While it may be difficult to comprehend, entertainment consumes a large portion of Americans’ lives.
In 2016, Americans were consuming entertainment media (viewing television, the Internet, mobile apps, etc.) for 10 hours and 39 minutes per day (Koblin, 2016). Therefore, the average American was consuming 306,315.3 hours of entertainment programming in their lifetime (44.3 percent of the average life expectancy calculated at 78.8 years) (Stein, 2016).
How many hours of entertainment have you consumed today?
When you stop to think how many times you have looked at your social media, personal email, or YouTube, it’s not such a stretch to see how many Americans accumulate 10 hours and 39 minutes of entertainment consumption in a day. Internet content is expected to consist of 82 percent of video traffic by 2020, which will also significantly increase the time spent by Americans consuming entertainment yearly (Cisco Visual Networking Index, 2016).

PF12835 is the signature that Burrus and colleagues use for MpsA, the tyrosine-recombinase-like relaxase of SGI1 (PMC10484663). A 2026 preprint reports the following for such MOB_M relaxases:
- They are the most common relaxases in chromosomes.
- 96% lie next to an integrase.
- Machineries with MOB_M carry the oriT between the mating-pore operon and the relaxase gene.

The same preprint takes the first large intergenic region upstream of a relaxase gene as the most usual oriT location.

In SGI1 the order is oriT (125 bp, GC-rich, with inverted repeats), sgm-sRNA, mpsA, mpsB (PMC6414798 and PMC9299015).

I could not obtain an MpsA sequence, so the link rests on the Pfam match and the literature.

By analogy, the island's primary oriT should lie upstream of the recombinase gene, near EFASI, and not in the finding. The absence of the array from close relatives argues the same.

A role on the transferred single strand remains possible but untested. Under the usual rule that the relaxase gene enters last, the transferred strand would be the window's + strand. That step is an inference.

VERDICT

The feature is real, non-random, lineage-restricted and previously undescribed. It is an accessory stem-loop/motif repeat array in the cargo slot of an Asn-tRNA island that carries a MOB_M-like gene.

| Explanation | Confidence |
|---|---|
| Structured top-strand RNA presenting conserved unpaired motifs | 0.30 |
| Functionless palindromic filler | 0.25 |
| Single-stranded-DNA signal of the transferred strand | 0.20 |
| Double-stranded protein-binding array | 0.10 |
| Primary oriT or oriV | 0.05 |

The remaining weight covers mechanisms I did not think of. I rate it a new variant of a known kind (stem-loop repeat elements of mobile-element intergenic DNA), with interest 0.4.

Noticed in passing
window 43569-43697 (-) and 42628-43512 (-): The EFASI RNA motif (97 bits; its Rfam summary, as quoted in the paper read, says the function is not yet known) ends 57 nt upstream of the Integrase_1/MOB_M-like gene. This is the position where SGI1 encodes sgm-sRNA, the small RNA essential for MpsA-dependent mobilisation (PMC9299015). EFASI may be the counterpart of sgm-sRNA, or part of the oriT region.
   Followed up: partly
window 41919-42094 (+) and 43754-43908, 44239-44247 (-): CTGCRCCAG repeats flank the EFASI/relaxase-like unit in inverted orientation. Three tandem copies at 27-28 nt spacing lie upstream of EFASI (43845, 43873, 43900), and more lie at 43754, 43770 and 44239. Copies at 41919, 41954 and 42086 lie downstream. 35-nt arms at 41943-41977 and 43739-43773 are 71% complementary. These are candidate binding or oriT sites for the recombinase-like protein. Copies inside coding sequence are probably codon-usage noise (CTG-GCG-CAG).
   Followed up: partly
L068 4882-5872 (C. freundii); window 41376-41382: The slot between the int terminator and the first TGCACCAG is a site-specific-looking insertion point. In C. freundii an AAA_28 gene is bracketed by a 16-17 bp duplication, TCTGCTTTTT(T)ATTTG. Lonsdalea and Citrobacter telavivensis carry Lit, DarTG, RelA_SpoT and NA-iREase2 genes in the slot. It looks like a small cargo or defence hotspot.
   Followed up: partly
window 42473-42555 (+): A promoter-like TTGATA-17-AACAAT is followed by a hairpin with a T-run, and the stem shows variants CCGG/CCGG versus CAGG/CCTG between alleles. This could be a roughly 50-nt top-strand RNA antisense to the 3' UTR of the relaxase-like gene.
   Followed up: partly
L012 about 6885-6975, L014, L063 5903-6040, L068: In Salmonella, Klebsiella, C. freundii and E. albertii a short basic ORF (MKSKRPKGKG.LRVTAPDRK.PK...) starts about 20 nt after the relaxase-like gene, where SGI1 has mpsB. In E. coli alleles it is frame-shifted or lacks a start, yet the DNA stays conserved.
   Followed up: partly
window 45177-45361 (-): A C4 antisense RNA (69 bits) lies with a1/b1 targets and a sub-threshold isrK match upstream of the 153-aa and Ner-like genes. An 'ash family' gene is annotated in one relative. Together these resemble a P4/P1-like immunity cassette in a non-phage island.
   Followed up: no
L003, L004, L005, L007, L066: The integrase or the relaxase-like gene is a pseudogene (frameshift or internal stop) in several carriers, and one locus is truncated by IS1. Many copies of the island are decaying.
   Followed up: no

Particularly in the agricultural industry, where less than 2 percent of the nation’s population identifies as a farmer, communication and public relations efforts will rely on messages delivered via entertainment media. Due to the large number of non-farmers in the United States, it is essential for the agricultural industry to utilize transparency in their communication strategies as well as keep up with emerging entertainment trends. Millennials are considered the driving force behind many of the current food trends. They are also the first generation to grow up with the internet, and they desire transparent communications about agriculture and their food (G. Johnson, 2016).